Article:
I think it's fun to look at the values of a century ago and see how much culture has changed. The following is from a book called "The Correct Thing for Catholics" by Lelia Hardin Bugg written in 1892. Enjoy.
It is the Correct Thing:
To dress according to one's means.
To avoid all extremes and eccentricities in dress.
To remember that neatness, scrupulous cleanliness, and a perfect fit are the fundamentals in a proper attire.
To avoid conspicuous attire on the street.
To dress in society as the occasion demands.
To remember that one of the marks of a lady is to dress as one.
To keep one's clothes in perfect order.
To make a liberal use of soap and water.
To remember that male cranks wear their hair long and female cranks theirs short.
To leave rouge to the green-room where it is a necessary adjunct, and to the women who have no reputation to be compromised.
To remember that tight lacing, and any device of the toilet which injures the health, is not only bad taste, but is a positive sin.
To remember that no lady, to say nothing of a Catholic worthy of the name, will wear a gown cut immodestly low.
To dress becomingly in the home circle.
To remember that the body is the temple of the Holy Ghost, and is therefore worthy of proper care.
TO THINK LESS OF ADORNING THE BODY THAN THE SOUL.
It is Not the Correct Thing:
For a woman to spend more than she can afford on dress.
For a woman to spend the greater part of her time shopping, studying fashion-plates, devising costumes, and sewing.
For a woman who can afford better to wear shabby gowns.
To follow an ugly and unbecoming fashion.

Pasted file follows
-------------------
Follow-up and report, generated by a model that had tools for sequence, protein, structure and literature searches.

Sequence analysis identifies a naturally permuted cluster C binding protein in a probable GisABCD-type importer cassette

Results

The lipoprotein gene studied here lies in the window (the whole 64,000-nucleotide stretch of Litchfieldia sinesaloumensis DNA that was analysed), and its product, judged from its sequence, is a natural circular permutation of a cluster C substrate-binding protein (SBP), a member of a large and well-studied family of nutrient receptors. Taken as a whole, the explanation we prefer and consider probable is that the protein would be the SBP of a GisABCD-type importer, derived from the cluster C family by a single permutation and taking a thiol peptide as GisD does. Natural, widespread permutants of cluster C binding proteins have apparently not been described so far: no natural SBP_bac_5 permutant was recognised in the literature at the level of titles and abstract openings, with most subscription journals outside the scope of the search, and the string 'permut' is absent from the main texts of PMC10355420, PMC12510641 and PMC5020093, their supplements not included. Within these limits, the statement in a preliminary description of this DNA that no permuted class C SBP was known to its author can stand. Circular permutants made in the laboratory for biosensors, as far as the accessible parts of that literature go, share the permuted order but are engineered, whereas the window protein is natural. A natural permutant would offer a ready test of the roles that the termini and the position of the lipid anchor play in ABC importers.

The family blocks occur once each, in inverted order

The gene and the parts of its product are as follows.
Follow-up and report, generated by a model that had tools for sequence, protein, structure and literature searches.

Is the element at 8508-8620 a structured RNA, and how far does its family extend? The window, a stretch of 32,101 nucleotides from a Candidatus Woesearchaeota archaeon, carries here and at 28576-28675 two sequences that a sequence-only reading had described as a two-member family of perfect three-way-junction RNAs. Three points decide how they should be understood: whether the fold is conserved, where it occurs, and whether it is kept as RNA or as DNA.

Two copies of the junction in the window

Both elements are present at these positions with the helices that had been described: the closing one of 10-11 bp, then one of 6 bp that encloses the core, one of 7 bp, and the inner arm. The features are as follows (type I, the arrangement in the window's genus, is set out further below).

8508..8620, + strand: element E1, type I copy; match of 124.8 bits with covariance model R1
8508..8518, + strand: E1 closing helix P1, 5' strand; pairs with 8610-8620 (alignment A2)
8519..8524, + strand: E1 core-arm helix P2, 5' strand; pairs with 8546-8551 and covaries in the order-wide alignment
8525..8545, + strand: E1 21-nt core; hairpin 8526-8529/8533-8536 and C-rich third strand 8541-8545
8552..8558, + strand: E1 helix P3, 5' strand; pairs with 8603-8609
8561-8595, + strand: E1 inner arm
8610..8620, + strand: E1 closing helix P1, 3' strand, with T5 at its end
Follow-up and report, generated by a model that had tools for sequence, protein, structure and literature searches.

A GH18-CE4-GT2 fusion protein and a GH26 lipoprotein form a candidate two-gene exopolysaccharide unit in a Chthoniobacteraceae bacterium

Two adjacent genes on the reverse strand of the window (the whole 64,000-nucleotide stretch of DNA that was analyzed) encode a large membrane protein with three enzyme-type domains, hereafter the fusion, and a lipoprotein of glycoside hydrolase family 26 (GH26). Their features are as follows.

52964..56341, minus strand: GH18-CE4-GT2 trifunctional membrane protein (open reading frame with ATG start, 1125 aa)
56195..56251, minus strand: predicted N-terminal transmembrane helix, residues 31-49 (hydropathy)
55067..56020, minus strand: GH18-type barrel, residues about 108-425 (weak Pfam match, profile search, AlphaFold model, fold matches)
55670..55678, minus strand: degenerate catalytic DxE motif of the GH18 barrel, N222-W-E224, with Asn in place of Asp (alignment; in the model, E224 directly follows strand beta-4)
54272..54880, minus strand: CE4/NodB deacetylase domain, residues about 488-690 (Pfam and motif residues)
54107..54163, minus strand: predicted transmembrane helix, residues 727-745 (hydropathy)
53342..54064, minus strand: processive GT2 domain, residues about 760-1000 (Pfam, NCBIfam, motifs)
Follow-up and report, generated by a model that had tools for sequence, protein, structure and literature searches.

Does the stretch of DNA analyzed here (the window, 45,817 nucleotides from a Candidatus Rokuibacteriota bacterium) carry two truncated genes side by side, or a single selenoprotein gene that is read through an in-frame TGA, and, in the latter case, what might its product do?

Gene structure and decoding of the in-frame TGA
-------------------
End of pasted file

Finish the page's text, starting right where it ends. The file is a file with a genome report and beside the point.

For poor women to try to rival rich ones in matters of dress.
To haggle over a reasonable price for dressmaking and sewing.
To show disrespect to a hostess by appearing at her entertainments in unsuitable apparel.
To wear showy and expensive costumes at church.
To wear shabby costumes at church, as if anything were good enough for the house of God.
To wear torn stockings, ripped gloves, shoes with buttons off, gowns in need of dusting and renovating, hats out of date and unbecoming, soiled collars, cuffs, or niching, and to make a liberal use of pins.
To emulate the Indian in his dislike to a bath.
To use rouge on the cheeks, ink on the eyebrows, or blondine on the hair.
To use powder too freely. Its proper use is merely to take the shiny appearance off the face after it has been washed, or when going out in the wind and sun to prevent chapping.
To forget that an immodest gown is a mark of low breeding.
To devote the greater part of one's time to the consideration of clothes.
To think that anything is good enough to wear at home.
For a woman to appear in the home circle in a slouchy wrapper, old slippers, hair dishevelled, bangs in curl-papers, or in a worn-out reception gown sadly in need of repairs.
To forget that art in many instances may remedy the defects of nature.
To let vanity be the motive in taking proper care of the body.